Other chores I work on in winter are:
1. Clear away leaves and jump in them. Shred and reuse leaves as mulch if possible. In my part of Oklahoma, we have two stages of leaf fall. The first is in the fall, and another occurs in early spring. Keep oak leaves off your precious shade grass and use them for the wonderful mulch they are. Many trees have leaves that don’t need shredding, but oak trees are very fibrous. They will smother your fescue and mat down in your garden beds so I suggest shredding them with your mower and placing them in piles where you can use them at your leisure. A good layer of shredded leaf mulch is a great way to help plant roots maintain a steady temperature during winter too.
2. Cut back perennials after the first. freeze to minimize chores in spring. However, don’t cut back everything. Birds depend upon seed heads of some plants like echinacea and rudbeckia for additional food sources. They also use strong stems for perching and hide in large grasses. I don’t cut down my grasses until spring. They also look great during much of winter. Also, be aware that many native bees and other pollinators lay eggs in hollow stems like those of perennial phlox, rudbeckia and echinacea. Firefly larvae reside in leaf litter so this is another good reason to use leaves on your beds and borders as mulch. Pile dead foliage that isn’t diseased onto compost piles and keep feeding your pile with kitchen scraps throughout winter so that you’ll have compost in spring.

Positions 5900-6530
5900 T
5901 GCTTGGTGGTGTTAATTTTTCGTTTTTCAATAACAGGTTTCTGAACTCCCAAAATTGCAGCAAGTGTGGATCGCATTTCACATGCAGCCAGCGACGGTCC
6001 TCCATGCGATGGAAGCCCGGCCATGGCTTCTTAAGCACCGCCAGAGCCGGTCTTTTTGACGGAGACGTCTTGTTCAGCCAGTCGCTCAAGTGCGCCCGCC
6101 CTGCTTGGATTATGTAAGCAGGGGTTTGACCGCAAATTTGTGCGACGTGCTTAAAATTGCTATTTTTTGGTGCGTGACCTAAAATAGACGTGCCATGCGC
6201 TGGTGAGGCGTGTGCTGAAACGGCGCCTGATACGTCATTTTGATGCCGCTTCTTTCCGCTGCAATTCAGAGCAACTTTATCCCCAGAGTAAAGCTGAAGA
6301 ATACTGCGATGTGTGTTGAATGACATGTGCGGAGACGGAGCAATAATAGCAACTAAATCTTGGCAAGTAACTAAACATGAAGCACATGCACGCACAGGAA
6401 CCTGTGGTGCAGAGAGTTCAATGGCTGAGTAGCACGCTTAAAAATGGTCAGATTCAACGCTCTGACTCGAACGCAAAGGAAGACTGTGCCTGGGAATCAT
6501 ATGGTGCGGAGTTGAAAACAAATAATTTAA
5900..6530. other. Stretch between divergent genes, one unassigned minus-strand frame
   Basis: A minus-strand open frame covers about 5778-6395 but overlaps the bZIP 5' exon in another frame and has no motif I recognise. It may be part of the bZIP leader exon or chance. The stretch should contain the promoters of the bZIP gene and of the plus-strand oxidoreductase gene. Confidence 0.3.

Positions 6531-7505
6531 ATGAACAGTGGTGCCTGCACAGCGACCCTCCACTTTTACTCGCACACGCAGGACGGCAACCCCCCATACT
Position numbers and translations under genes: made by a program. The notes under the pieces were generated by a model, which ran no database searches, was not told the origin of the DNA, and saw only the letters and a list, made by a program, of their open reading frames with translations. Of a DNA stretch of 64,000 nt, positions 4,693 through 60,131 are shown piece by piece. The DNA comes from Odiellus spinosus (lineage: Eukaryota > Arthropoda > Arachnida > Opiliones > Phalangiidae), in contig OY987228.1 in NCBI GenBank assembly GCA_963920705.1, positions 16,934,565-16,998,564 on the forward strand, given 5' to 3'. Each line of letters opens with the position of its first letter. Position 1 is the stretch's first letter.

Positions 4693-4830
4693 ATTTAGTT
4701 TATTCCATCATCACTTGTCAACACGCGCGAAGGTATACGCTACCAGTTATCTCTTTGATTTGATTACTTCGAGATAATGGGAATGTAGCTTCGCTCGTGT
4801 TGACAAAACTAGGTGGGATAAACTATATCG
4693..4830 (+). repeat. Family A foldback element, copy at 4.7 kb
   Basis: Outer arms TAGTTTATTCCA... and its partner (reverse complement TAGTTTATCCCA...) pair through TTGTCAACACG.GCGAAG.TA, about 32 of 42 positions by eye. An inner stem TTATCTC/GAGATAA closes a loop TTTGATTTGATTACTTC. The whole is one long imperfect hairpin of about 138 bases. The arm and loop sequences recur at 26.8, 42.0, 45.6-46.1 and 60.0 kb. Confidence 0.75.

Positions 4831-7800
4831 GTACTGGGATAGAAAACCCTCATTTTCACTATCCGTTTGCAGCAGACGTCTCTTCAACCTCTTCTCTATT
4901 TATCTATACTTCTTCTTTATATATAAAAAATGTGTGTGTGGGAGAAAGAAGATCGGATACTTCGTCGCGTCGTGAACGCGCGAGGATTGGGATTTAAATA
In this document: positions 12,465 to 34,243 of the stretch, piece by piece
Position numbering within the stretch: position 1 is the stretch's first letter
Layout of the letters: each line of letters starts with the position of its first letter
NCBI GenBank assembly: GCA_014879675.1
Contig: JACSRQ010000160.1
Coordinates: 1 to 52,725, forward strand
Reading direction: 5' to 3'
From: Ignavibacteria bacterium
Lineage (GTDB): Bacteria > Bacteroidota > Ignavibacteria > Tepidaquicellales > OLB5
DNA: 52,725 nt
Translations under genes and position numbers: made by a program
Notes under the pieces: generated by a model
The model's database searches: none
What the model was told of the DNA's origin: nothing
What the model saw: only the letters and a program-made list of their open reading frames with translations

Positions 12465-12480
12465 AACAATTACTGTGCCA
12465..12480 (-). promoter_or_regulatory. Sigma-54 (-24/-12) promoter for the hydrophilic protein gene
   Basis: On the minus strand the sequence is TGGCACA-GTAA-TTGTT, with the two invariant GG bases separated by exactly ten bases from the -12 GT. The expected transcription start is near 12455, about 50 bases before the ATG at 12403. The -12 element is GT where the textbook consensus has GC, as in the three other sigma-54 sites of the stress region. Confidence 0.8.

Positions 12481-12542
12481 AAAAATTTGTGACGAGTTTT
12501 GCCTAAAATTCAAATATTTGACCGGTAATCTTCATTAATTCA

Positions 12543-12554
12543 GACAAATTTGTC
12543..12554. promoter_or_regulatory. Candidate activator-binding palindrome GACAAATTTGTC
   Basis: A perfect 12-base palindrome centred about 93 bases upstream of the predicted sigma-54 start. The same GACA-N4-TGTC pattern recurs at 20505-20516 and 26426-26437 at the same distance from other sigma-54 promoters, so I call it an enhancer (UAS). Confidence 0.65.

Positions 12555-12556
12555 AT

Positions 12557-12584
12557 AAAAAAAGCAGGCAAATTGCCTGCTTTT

3. Make room for something new next year. I’m prepping for the American Hemerocallis Society’s 2017 regional tour so I’ve been investing in newer daylilies. Still, I’m always on the lookout for other new plants just like every other gardener, but I don’t try everything new because some plants need the test of time before we see if they’re worthy. That’s why my bed that faces the street has so many unique plants in it. It’s my testing ground for plants I’m sent by hybridizers, and other new things. I figure if they can make it there, they can handle our variable weather.
4. Make a seed and plant list now. That way, when the crack–I mean, catalogs–come in the mail in December, you won’t be tempted to buy everything. Think about your space and decide which seeds are a must have. Flowers I can’t do without are: sunflowers, zinnias, four o’clocks, celosia, especially tall varieties, Nicotiana langsdorffii and N. ‘Lime Green’–both great fillers in bouquets, cosmos, hyacinth bean for my mailbox, larkspur and annual poppies for early spring or fall sowing, nasturtiums and calendulas. For the vegetable garden, I always want lettuce, spinach, Asian greens, Swiss chard, kale, onion sets, radishes, beets and turnips. In fact, I sowed an entire fall garden in September. It’s now almost ready to harvest. The greens are ready.
Okay, that’s all I’ve got for today. Have a great weekend and start garden planning.